Eli Horowitz on Bagging an All-Star Cast for ‘Homecoming’ Podcast Season 2

With a stellar cast and constant hooks, season two of the 'Homecoming' podcast proves just as binge-worthy as season one.

A ‘Homecoming’ season two teaser image. Gimlet Media/Facebook

When serialized fiction has a great cast along with a tightly edited plot that propels the story forward, while constantly keeping you guessing, it’s a sure bet for binge consumption. The podcast Homecoming, presented by Gimlet Media, has this recipe down. Its two, six-episode seasons are comprised of taut psychological drama anchored by the powerful emotional performance of its star, Catherine Keener.

We meet Heidi Bergman, (Keener) in season one. She’s a case worker in an experimental facility called Homecoming, ostensibly employed to help former soldier and PTSD sufferer Walter Cruz (Oscar Isaac) reintegrate into society, and deliver him regular doses of an experimental solution meant to help with his trauma. She takes regular calls from her boss, boss, Colin Belfast, played against-type by David Schwimmer, here a scheming, backstabbing villain.

She’s a true empath. When doing what’s best for her patient runs counter to what Belfast demands it wrecks her soul. Before too long, it’s revealed that her long talks with Walter, wherein she provides him with emotional support, are being recorded. The care she displays for her patient is not appreciated by the higher-ups. The purpose of these experiments is revealed: the experimental medicine is meant to make the soldiers forget their trauma so they can be sent back into battle.

The combative scenes between Keener and Schwimmer over the life of Walter, who seems like an interloper caught in the middle of a power struggle, are the very definition of nail-biting.

“The heart of Homecoming is people making mistakes in the moment” co-writer Micah Bloomberg told Observer by phone. “We treat everyone in the story like they are just trying to get through the day and accomplish their goals.”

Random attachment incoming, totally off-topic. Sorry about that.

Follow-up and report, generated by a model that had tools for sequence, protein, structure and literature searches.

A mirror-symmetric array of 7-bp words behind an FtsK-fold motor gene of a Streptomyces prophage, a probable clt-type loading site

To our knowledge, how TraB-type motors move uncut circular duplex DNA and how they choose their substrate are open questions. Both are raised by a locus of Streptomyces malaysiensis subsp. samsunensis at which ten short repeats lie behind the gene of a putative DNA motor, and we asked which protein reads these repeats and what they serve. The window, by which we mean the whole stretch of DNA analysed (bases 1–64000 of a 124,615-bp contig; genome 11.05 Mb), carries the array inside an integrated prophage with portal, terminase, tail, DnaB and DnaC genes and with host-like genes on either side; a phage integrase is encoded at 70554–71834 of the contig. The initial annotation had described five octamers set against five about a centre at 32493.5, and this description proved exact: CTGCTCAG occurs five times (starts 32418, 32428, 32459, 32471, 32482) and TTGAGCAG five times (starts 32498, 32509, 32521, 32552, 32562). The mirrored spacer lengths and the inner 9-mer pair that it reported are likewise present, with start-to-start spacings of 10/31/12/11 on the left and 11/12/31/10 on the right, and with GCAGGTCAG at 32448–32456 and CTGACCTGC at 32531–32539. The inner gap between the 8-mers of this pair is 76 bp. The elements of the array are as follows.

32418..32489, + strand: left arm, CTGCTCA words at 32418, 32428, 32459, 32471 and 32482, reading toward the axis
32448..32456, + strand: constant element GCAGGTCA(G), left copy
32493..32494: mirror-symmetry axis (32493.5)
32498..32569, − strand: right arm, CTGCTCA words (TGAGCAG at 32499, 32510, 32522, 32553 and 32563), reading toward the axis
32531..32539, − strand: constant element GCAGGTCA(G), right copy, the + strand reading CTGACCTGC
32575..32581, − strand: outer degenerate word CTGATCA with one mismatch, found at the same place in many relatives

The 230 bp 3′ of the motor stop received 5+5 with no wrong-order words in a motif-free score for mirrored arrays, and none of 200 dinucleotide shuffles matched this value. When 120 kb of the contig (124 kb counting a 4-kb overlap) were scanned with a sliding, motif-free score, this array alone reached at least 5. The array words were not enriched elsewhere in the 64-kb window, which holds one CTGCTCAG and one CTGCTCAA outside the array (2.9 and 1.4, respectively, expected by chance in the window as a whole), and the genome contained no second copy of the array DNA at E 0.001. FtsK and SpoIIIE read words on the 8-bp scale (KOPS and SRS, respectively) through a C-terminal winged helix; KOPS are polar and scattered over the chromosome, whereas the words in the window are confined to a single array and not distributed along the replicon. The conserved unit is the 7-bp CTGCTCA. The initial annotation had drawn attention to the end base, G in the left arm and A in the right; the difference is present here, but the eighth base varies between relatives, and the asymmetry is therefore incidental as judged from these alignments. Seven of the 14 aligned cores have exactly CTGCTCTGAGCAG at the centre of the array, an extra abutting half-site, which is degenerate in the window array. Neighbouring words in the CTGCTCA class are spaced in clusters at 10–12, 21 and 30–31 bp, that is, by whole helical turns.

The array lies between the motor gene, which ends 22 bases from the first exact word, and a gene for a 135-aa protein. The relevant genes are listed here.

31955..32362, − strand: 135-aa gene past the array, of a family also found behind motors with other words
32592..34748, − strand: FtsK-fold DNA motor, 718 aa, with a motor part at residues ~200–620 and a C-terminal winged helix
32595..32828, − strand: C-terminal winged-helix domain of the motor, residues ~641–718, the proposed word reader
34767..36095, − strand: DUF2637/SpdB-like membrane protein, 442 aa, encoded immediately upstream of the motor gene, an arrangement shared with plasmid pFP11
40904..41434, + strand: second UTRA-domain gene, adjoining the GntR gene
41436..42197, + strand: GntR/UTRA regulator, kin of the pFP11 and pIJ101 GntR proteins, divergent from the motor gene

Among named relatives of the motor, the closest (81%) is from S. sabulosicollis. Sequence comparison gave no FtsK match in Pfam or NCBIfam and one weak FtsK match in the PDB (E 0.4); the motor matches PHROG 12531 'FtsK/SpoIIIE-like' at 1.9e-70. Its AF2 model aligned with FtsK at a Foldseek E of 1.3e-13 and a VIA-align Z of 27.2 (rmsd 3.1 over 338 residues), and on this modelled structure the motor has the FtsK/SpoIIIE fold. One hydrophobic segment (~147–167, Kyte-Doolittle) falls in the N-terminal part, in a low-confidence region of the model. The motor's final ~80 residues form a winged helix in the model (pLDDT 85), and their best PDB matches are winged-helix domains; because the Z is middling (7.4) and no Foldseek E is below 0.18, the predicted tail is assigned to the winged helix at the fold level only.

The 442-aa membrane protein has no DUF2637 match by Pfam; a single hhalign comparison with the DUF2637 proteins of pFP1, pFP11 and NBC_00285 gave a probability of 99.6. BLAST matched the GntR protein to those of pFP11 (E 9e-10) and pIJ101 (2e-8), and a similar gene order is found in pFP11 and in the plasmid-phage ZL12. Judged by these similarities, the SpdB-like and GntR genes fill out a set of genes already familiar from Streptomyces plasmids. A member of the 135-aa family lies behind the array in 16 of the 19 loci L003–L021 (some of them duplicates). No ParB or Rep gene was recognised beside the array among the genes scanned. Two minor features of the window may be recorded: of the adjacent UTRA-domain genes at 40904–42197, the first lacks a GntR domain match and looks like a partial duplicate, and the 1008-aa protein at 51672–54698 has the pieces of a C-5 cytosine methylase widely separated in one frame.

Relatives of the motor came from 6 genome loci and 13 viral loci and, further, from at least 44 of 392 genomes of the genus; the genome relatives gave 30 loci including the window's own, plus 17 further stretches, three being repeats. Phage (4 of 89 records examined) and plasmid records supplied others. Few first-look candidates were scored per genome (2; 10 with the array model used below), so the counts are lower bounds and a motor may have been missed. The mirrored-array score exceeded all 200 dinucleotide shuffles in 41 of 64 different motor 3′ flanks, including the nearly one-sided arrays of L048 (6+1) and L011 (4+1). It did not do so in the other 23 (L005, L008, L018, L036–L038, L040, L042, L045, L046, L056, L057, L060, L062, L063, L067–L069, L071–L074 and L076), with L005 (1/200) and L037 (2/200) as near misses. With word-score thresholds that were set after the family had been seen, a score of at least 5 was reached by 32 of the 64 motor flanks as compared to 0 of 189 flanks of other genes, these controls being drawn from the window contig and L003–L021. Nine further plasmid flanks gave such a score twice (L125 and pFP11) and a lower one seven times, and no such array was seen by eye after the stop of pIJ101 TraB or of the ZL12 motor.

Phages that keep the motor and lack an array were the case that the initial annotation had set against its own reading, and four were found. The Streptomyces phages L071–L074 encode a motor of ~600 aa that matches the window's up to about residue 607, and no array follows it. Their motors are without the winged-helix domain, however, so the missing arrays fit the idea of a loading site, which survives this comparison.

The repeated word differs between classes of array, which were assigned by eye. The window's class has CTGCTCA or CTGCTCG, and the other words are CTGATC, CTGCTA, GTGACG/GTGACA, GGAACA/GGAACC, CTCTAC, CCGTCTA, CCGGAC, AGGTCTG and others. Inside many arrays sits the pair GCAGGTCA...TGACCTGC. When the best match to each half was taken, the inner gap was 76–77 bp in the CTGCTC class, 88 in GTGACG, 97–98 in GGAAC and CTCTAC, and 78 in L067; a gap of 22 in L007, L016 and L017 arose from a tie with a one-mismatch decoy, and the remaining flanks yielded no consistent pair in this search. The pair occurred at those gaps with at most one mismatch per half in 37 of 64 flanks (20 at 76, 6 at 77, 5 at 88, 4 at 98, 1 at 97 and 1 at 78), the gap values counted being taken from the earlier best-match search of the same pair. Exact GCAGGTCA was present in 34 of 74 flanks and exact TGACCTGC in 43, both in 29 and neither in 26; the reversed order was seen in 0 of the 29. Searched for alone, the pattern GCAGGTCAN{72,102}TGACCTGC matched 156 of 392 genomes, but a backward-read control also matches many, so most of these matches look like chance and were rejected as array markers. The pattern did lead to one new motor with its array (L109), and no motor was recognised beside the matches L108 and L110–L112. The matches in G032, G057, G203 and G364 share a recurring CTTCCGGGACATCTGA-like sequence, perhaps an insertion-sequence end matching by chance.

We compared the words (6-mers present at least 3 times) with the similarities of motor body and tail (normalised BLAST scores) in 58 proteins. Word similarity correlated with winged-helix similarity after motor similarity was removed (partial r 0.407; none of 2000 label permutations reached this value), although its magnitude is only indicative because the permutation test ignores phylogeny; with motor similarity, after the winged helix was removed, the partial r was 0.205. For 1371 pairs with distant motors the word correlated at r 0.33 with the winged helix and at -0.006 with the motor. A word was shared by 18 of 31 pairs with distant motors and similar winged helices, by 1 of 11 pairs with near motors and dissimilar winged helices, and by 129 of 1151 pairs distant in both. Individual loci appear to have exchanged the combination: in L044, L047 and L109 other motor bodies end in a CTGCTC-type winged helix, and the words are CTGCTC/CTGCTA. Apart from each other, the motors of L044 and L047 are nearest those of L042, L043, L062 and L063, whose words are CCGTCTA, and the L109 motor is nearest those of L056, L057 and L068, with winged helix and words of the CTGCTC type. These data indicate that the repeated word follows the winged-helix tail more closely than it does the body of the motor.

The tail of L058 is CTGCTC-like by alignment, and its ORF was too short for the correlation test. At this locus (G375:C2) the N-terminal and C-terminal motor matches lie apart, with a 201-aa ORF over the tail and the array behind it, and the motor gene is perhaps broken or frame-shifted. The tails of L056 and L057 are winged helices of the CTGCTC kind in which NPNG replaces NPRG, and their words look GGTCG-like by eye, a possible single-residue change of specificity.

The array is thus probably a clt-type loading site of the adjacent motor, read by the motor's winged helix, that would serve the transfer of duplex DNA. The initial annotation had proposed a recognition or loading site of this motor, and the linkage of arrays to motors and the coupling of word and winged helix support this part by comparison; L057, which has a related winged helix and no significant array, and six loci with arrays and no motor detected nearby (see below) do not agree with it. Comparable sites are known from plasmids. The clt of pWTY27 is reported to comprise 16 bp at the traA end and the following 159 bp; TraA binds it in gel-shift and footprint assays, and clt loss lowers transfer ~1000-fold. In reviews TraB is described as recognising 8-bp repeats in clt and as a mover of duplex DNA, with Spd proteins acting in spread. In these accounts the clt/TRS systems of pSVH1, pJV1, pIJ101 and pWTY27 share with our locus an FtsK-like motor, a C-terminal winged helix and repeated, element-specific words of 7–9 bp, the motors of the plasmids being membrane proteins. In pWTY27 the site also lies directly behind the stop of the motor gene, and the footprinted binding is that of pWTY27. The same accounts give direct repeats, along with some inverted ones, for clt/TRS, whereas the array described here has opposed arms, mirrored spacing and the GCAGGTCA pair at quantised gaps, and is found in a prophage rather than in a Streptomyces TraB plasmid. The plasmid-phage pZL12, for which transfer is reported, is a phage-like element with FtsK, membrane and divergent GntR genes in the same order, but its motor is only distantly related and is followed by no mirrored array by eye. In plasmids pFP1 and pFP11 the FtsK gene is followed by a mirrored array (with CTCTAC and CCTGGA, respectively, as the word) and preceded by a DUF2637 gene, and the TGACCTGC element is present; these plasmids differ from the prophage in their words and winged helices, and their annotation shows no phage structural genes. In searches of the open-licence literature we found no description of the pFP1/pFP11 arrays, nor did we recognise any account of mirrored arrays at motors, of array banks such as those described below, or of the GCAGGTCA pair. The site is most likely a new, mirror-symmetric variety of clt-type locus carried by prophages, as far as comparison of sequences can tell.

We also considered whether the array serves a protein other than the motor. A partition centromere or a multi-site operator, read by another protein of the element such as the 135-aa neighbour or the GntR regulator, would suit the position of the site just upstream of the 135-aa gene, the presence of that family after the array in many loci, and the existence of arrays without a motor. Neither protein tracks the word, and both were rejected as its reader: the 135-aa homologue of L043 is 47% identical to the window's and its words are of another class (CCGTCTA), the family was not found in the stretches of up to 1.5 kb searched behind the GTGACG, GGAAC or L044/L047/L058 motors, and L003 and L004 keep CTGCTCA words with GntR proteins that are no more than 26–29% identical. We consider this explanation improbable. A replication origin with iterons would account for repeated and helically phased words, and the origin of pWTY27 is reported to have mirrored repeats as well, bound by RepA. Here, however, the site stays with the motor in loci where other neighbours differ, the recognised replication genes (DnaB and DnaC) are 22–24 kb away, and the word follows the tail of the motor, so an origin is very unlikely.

Season two takes place five years later. Heidi is working as a waitress after having dosed herself with the experimental solution to forget the horrors of what she did to Walter. Colin comes after her in order to find Walter, who has been missing since the experiment ended. The company is determined to bring him back.

Along with the tension that arrises when Colin and Heidi try to work together, there’s also a beautiful game of one-upmanship between Colin and his boss Audrey Temple, played with ferocity by Amy Sedaris.

While season one was confined to one location in the Homecoming base of operations, season two is relatively sprawling in its scope with the quest for Walter Cruz taking our erstwhile heroes to far-flung locations. Along the way, we meet a cast of supporting characters: Homecoming assistant Becky; Heidi’s sort-of ex-boyfriend; and an extremely sympathetic and protective shooting range employee. They are played by Alia Shawkat, David Cross, and Chris Gethard respectively, all of whom shine in these roles.

Nearly everyone in Homecoming is at odds with each other. Many of them don’t quite know what’s going on half of the time. Bloomberg explained, “It’s a thriller, but we almost approached it as a comedy. We’re not going for laughs every time, but it is about people not understanding each other.”